Saturday, June 19, 2010

Reversible Poetry from Twitter: Your Brain on Self-Branding

A Brand Named Human
By Nordette N. Adams

People play.
See me when you try to care how I see.
See you when you stop
chasing fame.
See me when you learn my name
Stop tripping 'cuz
I'm deep!

Lost to you and the games,
I'm deep under midnight
in what you call blue funk
Howling in my soul's blues trunk
after hanging low to weep
See you when I rise for air.

See me.

See me when I rise for air
after hanging low to weep,
howling in my soul's blues trunk
in what you call blue funk.
I'm deep under midnight.

Lost to you and the games,
stop tripping 'cuz
I'm deep!
See me when you learn my name,
chasing fame.
See you when you stop.
See me when you try to care how I see.
People play.

© 2010 Nordette N. Adams

Sometimes on Twitter, I don't concern myself with people but the interface itself and how writing fiction or poetry that's longer than 140 characters might be read on the micro-blogging site. People's tweets sometimes are read out of context, and I've seen those kinds of readings start arguments. The person who's been misunderstood will usually tweet to the person picking the fight, "That's not what I meant when I said XYZ. Read my Twitter stream!" And then if the person does, what does he or she see?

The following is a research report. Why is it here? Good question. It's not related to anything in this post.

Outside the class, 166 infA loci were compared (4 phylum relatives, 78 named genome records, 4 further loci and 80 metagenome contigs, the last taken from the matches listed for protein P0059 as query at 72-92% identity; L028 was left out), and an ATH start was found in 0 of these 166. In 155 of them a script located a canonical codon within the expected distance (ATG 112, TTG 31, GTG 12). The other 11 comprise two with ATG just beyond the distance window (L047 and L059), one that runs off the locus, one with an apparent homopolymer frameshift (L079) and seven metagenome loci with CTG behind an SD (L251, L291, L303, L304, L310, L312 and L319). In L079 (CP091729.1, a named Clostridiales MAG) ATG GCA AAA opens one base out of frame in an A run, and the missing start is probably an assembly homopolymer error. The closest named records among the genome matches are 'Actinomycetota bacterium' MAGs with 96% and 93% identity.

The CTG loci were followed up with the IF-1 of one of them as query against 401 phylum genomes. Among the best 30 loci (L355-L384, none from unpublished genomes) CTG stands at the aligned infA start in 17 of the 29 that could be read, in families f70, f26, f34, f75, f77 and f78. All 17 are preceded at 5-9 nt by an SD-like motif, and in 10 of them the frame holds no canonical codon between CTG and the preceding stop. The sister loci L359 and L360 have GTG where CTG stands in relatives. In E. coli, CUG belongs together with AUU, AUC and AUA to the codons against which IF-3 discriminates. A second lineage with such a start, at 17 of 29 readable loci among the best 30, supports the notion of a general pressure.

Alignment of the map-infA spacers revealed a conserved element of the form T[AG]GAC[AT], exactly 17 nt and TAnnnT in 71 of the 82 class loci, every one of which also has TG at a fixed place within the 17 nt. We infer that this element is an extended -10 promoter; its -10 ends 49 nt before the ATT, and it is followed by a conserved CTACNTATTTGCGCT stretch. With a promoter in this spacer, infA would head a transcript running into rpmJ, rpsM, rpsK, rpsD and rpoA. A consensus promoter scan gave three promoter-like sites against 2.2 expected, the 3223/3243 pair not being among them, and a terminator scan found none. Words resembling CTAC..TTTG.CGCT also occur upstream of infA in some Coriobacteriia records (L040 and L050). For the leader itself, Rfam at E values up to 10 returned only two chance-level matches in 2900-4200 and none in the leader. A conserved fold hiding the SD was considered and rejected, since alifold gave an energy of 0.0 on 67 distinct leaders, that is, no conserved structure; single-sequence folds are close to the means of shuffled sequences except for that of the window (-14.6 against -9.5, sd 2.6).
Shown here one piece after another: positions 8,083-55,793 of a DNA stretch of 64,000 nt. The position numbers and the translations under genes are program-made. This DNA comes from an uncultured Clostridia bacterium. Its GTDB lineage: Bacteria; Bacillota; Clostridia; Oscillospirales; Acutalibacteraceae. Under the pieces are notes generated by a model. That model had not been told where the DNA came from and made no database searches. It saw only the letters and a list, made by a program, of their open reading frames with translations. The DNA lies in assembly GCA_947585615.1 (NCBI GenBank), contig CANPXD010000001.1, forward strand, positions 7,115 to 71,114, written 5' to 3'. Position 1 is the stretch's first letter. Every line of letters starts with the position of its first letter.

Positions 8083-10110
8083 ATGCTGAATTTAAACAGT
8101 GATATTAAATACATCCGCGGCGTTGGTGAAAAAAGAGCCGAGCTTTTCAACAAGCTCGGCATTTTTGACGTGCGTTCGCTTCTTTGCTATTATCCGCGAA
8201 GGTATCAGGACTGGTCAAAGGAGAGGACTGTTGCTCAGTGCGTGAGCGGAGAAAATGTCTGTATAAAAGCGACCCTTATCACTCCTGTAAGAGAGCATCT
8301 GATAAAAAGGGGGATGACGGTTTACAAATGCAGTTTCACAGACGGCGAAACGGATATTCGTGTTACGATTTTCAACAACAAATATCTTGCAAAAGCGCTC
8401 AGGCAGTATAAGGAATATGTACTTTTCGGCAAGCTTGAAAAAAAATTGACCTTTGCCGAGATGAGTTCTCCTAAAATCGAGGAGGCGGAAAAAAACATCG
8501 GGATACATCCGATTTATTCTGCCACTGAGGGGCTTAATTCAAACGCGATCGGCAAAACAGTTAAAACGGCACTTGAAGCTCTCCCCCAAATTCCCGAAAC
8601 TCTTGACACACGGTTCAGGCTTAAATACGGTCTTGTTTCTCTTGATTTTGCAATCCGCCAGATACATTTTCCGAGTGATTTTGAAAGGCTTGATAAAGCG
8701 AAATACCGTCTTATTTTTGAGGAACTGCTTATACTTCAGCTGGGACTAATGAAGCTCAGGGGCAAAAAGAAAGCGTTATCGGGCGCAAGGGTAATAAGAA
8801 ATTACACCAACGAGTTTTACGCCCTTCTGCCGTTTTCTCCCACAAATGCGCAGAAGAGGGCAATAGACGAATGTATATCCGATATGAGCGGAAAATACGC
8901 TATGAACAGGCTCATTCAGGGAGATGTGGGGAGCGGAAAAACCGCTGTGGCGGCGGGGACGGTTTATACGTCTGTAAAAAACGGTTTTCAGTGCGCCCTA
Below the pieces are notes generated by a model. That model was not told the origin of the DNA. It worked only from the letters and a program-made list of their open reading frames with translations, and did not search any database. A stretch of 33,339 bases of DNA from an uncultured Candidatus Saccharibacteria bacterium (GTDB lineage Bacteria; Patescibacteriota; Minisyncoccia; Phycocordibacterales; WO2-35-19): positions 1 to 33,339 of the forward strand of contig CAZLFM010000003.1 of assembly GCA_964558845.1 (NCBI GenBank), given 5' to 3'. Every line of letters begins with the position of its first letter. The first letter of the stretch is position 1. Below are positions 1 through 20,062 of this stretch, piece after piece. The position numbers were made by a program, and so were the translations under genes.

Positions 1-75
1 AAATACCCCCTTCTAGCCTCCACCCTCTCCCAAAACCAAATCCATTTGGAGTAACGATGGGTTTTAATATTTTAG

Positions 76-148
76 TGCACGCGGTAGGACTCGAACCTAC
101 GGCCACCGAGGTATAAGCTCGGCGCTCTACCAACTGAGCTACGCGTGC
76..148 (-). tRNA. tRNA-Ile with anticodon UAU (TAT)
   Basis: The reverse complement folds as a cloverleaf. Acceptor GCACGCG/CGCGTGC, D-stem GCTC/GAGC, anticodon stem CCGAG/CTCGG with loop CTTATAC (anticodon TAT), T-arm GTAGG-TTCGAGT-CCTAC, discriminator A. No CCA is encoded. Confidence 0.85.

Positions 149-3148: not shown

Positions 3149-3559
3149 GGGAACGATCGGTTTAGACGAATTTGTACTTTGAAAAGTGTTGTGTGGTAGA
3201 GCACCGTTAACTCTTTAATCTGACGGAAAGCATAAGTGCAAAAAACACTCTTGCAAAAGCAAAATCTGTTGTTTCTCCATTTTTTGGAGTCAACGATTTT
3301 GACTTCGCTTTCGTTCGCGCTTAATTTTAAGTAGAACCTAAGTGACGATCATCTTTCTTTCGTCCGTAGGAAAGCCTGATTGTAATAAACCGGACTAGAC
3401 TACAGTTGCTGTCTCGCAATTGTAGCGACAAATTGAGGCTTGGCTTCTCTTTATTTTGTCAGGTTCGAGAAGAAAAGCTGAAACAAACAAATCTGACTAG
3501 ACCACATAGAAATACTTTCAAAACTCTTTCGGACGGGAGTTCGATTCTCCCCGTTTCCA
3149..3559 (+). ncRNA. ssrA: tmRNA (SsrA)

A seasoned Twitter member knows to read the tweets backwards in order of the time they were twittered, but someone unfamiliar with Twitter may look at the tweets and do what comes naturally, read from the top down. If it's a poem that takes up more than one tweet, then what the poet intended--meter, rhyme scheme, meaning or flow in general--may get lost. So, sometimes, like on Twitter yesterday, I experiment with writing poetry that can be read backwards or forwards.

At the moment of writing this poem on Twitter, I was thinking about the tenuous nature of social media and Internet relationships in this era of branding the self, something I think writers should forget about until they actually publish a book or two.

1 comment:

msladyDeborah said...

I am just not into Tweeting that much even though I have an account.

You do raise a valid point about taking time to read the tweets. I've jumped over there and there have been times when it is easy to see there is a serious twittering going on in. Before making any comments I like to try and find out what is really going on.

Maybe in the near future I will spend a week trying to be a serious Tweeter and do all that goes with the medium. But for now I'm content to do a Tweet now and then.